J Syst Evol ›› 1998, Vol. 36 ›› Issue (1): 8-18.

• Research Articles • Previous Articles     Next Articles

The Structural Features of Leaf Epidermis in Oryza and Their Systematic Significance

ZHANG Zhi-Yun, LU Bao-Rong, WEN Jie   

  • Published:1998-01-10

Abstract: The rice genus (Oryza L. ) belongs to the grass family(Poaceae) and contains 24 annual or perennial species, including two cultivated rice species, i.e., the Asian rice ( O. sativa L. ) and African rice (O. glaberrima Steud. ), and 22 wild species distributed throughout the tropics of the world. Species in this genus have been extensively studied by scientists with different approaches, including morphological characterization and cytological and molecular investigations. The leaf epidermis is an important morphological character which has been studied for taxonomic identification and studies on systematic relationships of species, particularly in grasses. In this study, morphological features of the leaf epidermis of 23 rice species were observed through light microscopy. The results showed that some characters of the rice leaf epidermis had significant diversity between species and these characters were valuable for the identifying Oryza species, and for assessing systematic relationships in the genus. For example, O.schlechteri, O.ridleyi, O.longiglumis, O.granulata, and O. rneyeriana had elliptic stomatal complexes, whereas the other species had rhombic stomatal complexes. In most cases, papillae on the surface of the epidermis were variable in size and distribution between species. The size of papillae varied from small ( 1.5~4.4µm in diameter), medium-sized (9~18µm), to large (21~30µm) , and the pattern of papillary size and distribution were very useful for identification of rice species. In addition, the number and location of the small papillae in stomatal complexes were particularly different between species. Based on the following combinations of leaf-epidermic characters, i.e., the size and distribution of papillae on the abaxial surface of the epidermis, the number and location of the small papillae in stomatal complexes, and the shape of stomatal complexes, the 23 studied Oryza species could be divided into three major groups. The first group comprises O.longiglumis, O.ridleyi, O.meyeriana, and O.granulata. In these species, neither large nor medium-sized papillae, in some cases extremely rare small papillae, were found on the surfaces of epidermis, and there were no small papillae found in stomatal complexes. All species in the first group had elliptic stomatal complexes. The second group consists of O.brachyantha, diploid and tetraploid O.officinalis, O.minuta, O.eichingeri, O. punctata, O.latifolia, O.alta, O.grandiglumis, O.rhizomatis, and O.australiensis. In these species usually no large papillae were observed, but medium-sized and densely populated small papillae were found to cover the surface of epidermis, and at least four small papillae were found in stomatal complexes (in guard cells) of most species. The third group contains O.sativa, O.nivara, O.rufipogon, O.longistaminata, O. glumaepatula, O.meridionalis, O.barthii, O.glaberrima and O. schlechteri. The abaxial leaf epidermis of these species was usually covered with large papillae, medium-sized, and small papillae. In addition, more than 4 (usually 6~8 ) small papillae were found in guard cells or/and subsidiary cells of the stomatal complexes. Most species in the second and third groups had rhombic stomatal complexes. These results agree mostly with previous re-ports on the biosystematic studies of rice species by applying other methodologies.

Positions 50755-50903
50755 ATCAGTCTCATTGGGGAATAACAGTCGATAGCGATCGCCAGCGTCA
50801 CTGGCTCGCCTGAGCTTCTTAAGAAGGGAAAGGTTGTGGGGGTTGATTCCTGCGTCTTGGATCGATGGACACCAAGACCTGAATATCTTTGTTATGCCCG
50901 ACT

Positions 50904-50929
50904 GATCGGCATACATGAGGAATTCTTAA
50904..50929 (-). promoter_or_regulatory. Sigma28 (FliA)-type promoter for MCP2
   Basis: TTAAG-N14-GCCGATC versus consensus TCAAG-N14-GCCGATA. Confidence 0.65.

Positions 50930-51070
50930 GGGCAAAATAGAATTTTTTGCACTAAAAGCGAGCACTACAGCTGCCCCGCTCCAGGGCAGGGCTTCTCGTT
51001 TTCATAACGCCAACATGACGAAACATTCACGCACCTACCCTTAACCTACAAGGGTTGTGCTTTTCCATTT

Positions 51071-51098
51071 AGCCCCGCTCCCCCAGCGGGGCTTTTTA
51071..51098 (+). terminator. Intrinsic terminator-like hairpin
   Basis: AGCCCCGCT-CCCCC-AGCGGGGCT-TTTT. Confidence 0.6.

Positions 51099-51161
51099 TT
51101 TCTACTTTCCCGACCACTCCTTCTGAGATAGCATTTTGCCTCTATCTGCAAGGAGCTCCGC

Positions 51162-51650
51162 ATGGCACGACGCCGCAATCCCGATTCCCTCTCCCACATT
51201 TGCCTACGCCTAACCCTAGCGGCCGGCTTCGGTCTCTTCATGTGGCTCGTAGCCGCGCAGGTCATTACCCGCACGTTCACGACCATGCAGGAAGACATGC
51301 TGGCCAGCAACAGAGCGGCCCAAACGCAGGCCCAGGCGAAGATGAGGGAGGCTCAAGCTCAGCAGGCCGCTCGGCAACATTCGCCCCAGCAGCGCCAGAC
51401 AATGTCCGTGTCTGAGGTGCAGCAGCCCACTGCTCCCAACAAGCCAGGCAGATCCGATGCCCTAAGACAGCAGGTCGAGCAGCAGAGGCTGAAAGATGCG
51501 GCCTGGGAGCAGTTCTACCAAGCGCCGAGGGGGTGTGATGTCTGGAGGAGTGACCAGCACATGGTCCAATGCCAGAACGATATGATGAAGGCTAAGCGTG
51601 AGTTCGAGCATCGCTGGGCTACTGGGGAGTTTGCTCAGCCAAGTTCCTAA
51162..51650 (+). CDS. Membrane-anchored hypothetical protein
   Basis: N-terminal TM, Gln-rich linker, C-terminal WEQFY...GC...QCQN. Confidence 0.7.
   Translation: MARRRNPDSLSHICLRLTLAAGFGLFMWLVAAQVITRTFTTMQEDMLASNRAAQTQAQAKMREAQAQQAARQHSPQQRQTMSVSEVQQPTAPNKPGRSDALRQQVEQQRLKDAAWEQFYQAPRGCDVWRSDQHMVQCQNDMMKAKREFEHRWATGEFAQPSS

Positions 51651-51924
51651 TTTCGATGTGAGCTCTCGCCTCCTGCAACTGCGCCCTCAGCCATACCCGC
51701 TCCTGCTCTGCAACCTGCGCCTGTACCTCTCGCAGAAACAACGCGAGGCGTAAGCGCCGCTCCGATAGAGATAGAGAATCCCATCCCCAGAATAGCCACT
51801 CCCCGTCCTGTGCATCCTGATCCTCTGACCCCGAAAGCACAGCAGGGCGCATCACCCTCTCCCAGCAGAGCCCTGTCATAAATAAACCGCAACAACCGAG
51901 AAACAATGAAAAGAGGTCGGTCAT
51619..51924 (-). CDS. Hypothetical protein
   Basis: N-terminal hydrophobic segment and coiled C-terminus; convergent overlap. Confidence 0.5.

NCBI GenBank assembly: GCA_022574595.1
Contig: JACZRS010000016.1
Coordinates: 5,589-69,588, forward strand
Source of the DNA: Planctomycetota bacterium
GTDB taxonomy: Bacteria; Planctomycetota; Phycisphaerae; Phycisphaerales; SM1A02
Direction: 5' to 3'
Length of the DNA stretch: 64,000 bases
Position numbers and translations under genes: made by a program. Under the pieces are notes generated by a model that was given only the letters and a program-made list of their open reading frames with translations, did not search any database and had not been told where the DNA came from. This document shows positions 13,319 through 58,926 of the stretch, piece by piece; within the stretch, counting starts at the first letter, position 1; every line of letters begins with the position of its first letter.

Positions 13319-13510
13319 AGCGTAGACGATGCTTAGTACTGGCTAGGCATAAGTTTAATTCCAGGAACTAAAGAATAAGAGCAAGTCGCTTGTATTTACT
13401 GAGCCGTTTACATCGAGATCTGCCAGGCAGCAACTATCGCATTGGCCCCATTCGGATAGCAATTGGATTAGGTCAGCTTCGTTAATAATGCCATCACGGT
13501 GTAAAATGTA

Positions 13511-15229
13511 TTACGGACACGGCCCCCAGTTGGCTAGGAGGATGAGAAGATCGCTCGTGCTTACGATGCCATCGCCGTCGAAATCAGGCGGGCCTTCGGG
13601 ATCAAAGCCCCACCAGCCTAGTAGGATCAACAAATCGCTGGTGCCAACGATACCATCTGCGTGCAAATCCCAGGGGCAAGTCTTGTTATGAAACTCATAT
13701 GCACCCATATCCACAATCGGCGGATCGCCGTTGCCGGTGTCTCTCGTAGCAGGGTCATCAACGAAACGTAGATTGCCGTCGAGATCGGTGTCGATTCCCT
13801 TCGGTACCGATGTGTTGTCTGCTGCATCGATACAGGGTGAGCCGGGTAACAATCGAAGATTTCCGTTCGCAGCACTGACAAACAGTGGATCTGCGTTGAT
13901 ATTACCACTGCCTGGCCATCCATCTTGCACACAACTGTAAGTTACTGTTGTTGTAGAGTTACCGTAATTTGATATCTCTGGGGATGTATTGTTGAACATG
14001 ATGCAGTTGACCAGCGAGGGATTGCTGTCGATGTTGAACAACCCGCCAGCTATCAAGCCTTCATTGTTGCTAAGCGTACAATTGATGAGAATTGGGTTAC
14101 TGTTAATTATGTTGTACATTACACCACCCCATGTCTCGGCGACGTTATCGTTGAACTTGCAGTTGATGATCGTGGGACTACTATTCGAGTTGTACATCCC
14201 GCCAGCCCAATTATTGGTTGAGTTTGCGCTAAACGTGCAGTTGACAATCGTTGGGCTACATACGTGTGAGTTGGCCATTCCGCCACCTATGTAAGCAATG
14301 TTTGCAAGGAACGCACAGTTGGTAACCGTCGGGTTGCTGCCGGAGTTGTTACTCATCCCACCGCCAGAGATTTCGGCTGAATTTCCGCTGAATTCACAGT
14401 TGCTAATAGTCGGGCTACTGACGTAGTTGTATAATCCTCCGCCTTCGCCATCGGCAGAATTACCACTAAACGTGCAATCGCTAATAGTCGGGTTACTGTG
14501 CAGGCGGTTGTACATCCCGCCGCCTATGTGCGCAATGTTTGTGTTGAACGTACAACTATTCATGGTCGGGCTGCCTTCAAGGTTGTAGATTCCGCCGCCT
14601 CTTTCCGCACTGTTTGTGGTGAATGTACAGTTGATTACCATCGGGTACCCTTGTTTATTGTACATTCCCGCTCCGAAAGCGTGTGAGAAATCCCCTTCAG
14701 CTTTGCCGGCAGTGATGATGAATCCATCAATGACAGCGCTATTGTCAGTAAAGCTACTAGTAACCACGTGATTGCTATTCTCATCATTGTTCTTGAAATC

Key words: Oryzeae, Oryza, Morphological variation, Leaf epidermis, Systematic signifi-cance